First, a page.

How can I become rich?

I’ll never forget that scene. The first time when I saw my mum cried…

My dad worked hard, very hard. And I hardly see him around most of the time. He will only come home once every 2 months due to his job – to put food on the table for his family.

I had no idea about our family financial situation that time… until one day, I saw my mum cried… for the first time, because she can’t take the struggles inside herself anymore.

And since then, I swear that I’m going to be rich! Filthy rich! To solve all the problem once and for all. To cherish my parents. To make sure my children won’t need to experience what we went through at that time.

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I was 15 at that time…

The first solution I came up in order to get rich is to work, as much as I could, to trade time with money. So I started looking for a job during my school break… Grabbing on any opportunity to earn every single penny as I able to.

After 3 years of working as a waiter part-time during my school break, and finally, I graduated from my secondary education. Most of my friends are thinking to continue their studies at famous university, while I have only one aim – to make more money, fast…

I got a full-time job as a waiter again in a Japanese restaurant. That’s obviously not the only plan I have, I got to know some new friends, and joined them in the Multi-level marketing business because they promised that I can make a fast passive income within 2 to 5 years.

It didn’t work out as planned.

But.

One of the best habits I picked up from these group of friends (MLM) is to read. So, I started to read all sort of books about financial management, sales & marketing, self-help and much more.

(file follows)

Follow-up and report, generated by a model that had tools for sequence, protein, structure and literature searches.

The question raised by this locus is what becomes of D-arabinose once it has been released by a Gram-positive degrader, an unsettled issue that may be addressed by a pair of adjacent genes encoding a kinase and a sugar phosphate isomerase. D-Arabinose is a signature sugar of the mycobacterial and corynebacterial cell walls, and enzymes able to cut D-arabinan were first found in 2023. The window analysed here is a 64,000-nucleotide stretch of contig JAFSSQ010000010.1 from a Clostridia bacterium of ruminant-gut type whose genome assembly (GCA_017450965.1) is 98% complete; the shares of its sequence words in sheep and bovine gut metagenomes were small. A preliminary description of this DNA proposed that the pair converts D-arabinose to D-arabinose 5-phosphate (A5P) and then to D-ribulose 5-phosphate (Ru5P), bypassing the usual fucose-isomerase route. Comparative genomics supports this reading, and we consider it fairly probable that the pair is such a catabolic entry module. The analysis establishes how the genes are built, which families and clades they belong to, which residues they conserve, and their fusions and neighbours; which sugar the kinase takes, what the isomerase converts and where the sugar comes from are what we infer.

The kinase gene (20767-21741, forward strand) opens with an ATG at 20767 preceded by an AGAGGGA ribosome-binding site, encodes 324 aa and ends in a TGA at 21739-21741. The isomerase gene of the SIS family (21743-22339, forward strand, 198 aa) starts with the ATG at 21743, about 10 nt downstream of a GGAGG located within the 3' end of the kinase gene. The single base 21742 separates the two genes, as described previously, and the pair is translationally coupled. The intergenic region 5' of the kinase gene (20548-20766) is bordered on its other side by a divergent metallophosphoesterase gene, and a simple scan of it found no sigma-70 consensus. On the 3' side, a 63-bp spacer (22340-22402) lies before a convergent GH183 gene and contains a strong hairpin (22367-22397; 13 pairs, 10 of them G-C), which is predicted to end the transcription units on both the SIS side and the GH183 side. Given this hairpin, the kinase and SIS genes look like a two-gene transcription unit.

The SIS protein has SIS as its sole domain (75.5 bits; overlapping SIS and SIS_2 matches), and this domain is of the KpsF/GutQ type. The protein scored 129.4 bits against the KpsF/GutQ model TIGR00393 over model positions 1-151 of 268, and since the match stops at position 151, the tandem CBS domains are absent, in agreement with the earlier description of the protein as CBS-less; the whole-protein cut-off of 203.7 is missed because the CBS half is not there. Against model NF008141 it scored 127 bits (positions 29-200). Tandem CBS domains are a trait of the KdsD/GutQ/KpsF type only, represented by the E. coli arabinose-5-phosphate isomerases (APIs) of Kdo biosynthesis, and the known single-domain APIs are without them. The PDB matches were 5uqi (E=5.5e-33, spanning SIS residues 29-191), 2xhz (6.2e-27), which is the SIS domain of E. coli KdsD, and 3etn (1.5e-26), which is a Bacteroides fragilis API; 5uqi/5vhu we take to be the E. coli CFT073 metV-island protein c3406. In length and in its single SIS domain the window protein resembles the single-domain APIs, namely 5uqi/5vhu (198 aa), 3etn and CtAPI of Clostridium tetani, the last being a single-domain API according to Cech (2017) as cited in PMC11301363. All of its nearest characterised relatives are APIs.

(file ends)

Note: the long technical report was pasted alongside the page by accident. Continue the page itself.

PS: I bought them from a pirated bookstore because they are cheaper, at around 80% off the original print book.

And one of the most important books I ever read on the topic of becoming rich is Rich Dad Poor Dad by Robert Kiyosaki.

He became one of my idols when I was 18. Although I don’t like every single thing he published now. But there is ONE single piece of information you must know if you want to get rich.

The real definition of asset and liability.

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Traditional definition

Assets: Everything that you own – house, car, even your sofa

Liabilities: Your debts to banks and others

Real definition

Assets: Everything that put money into your pocket

Liabilities: Everything that takes money out of your pocket

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With this, you’ll have a very clear vision on how you should spend money without falling into the financial traps. Most of the thing we own, our house, our car, our sofa are actually liabilities.

By mistaken them as the assets, we’re going to fall into a financial black hole without us even realising it. And I am seeing many people around me making these mistakes now.

I’m glad that I learned about this at the age of 18 and firmly stand behind it regardless how others around me have an objection about this.

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But the truth is, I was still poor… I had a low pay job, and I was far from rich yet.

At the age of 19, my focus was “how to make more money, fast?”, while working for a boss is clearly not the answer for me.

So, I tried everything that came to me.

  • I become an insurance agent but no one trusts me on that… Failed. And messed up with my reputation.